Georgian Energy Passes to Russia

Russia's move into Georgia's electricity and gas markets signals a major new strategic shift.

Georgian Energy Passes to Russia

Russia's move into Georgia's electricity and gas markets signals a major new strategic shift.

The American company running the electricity system here has sold its shares to the Russian power giant UES, sparking a passionate row about the fate of the country's energy sector and Russia's increasing economic role in Georgia.

UES boss Anatoly Chubais arrived in Tbilisi this week to talk over the final details of a deal with the US firm AES. His visit follows hard on the heels of another partnership agreement with the Russian gas company Gazprom.

The two deals mean that Georgia will become much more dependent on Russia for its energy needs - something that could weaken the country's close strategic relationship with the United States. Georgia also plays host to American troops and is due to have two major pipelines to the West on its territory.

After a series of meetings in Tbilisi, Chubais, however, was careful to reassure Georgians that that he could guarantee what most concerned them - a stable power supply and no hike in prices. "The coming winter will be absolutely reliable and stable in Tbilisi and not only here," he told reporters on August 6.

AES owned 75 per cent of the shares in its subsidiaries AES-Telasi, which supplied electricity to Tbilisi and several power stations, and AES-Trans-Energy, which delivers energy to Turkey. All this now passes to UES. The other 25 per cent of these companies belongs to the Georgian state.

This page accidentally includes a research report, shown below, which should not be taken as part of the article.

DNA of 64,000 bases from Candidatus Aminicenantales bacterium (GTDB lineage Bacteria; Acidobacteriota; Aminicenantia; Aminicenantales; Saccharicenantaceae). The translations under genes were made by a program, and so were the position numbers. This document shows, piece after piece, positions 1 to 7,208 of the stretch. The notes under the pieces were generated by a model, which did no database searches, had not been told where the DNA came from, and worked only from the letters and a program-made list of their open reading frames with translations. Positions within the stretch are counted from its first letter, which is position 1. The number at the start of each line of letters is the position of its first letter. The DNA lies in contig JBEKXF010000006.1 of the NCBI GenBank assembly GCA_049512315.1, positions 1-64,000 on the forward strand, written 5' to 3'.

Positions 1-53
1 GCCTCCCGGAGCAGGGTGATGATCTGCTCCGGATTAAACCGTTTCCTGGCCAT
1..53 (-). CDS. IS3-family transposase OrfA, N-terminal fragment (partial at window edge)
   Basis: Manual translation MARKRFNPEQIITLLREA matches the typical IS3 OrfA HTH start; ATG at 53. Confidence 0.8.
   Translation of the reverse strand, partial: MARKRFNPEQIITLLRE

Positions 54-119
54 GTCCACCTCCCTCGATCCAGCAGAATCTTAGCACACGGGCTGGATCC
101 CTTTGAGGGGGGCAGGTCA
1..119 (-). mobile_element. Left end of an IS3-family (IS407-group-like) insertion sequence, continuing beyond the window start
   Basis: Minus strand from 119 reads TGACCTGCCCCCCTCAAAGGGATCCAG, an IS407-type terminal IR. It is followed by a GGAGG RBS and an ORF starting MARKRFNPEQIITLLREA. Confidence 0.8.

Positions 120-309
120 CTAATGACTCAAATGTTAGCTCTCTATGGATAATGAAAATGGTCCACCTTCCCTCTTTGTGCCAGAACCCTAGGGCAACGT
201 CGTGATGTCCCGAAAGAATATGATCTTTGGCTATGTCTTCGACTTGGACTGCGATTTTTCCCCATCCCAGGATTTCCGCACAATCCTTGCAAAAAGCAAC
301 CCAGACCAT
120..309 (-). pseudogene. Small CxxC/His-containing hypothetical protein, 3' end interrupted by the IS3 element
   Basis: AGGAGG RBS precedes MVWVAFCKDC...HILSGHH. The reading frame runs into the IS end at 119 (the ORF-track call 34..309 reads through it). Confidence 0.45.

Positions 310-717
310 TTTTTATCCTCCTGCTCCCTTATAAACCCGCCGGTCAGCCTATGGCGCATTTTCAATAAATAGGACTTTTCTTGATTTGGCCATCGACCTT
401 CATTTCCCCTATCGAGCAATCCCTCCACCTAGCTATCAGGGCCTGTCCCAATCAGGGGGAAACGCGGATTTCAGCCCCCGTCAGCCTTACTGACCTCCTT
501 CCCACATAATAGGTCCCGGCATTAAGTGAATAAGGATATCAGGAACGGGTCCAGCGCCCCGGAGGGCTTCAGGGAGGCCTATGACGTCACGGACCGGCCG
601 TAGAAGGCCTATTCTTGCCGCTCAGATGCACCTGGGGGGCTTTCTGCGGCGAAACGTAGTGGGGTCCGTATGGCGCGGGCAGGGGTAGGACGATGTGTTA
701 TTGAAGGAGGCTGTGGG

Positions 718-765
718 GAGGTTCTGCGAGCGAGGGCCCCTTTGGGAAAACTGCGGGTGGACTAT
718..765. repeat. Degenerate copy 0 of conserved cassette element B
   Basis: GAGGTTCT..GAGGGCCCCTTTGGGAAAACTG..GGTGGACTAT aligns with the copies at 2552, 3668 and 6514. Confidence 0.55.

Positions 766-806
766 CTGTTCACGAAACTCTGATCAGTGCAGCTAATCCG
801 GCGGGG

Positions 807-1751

The talks come ten days after Georgia signed a strategic partnership agreement with Gazprom on July 21, which gives the Russian company a major role in the distribution, marketing, operation and modernisation of Georgia's gas pipeline system.

Gazprom will now control the import of gas into Georgia and has part ownership of seven gas-distribution stations, including the one in Tbilisi. Discussions are also said to be underway about the sale of the Inguri hydro-electric power station.

Georgia's opposition parties have angrily accused President Eduard Shevardnadze of selling out the country's strategic interests to the Russians, just as he faces difficult parliamentary elections this coming November.

"Clearly, Shevardnadze's clan has received guarantees of support from the Kremlin for the elections," charged leading opposition politician, former justice minister Mikhail Saakashvili.

Others say that the Georgian government, which has run up huge debts to Russian energy suppliers and relies heavily on Russian gas, simply had no choice.

"When you have no alternative and just one supplier of gas and electricity [Russia], with whom you have a difficult relationship, then you have no option but to give in to the supplier because there's no other solution," Roman Gotsiridze, head of the Georgian parliament's budget office, told IWPR.

AES began working in Georgia in December 1998 and since then has invested more than 260 million US dollars in the country's electricity system. Although there were great hopes at the coming of an American company, Georgians have mostly been disappointed at continuing power shortages and AES complained of encountering systematic corruption.

The American embassy in Tbilisi issued a statement, expressing regret about AES's departure and hinting at the problems it faced. "The US is sorry that AES Corporation of Arlington, Virginia, has decided to sell its assets in Georgia. But we understand the commercial reason for the decision. AES's action reflects the difficult investment climate in Georgia," it said.